Try to find the stinger and remove it and give a dose of oral anti-histamine (like diphenhydramine) to minimize the reaction and decrease itching. Unquestionably, do not use tweezers that may squeeze more venom out of the stinger sac.

  • Dizziness and Shock

This can be the most negative symptom which can lead to fatal or be life-threatening. Immediately this happens call the veterinarian. Some cats can have mild reaction like vomiting when stung by a bee. It is advisable to constantly monitor her to avoid the situation becoming critical.

At this stage medical treatment is necessary to save your feline life. Your vet can give an anti-histamines, or corticosteroids or epinephrine to reduce the negative reaction and prevent shock. Additionally, the vet can administer IV fluids to stabilize the cat and oxygen to help respiration.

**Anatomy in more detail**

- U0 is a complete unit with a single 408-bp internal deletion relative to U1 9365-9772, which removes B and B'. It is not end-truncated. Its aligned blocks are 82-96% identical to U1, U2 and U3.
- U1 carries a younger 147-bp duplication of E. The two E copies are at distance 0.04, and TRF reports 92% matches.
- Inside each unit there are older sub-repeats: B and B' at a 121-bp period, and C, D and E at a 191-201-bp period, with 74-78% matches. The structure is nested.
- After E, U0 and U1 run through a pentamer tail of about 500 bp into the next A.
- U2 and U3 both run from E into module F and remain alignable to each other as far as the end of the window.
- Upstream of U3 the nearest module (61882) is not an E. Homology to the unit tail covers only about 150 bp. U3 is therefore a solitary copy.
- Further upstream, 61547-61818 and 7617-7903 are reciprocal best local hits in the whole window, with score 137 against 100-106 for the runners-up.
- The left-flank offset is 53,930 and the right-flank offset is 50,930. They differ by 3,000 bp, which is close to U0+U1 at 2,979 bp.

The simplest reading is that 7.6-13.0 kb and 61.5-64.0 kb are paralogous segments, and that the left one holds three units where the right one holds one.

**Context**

Solutions: What to do when your Cat is Stung?

 1. Act fast when Cat is Stung.

You can know your cat has been stung if he is biting or nipping on his paws, swells on a body area or is trying to roll on the ground to scratch on unreachable areas.

Depending on the insect that bite him you can look around to see if it was a bee, wasp or spider to know how to handle the case.

2. Identify the Insect.

Search the area quickly to identify any flying insects as well as crawling ones. Bees and wasps can fly while a spider crawls. Although a spider is difficult to identify try to look for it and capture it as it can be very poisonous.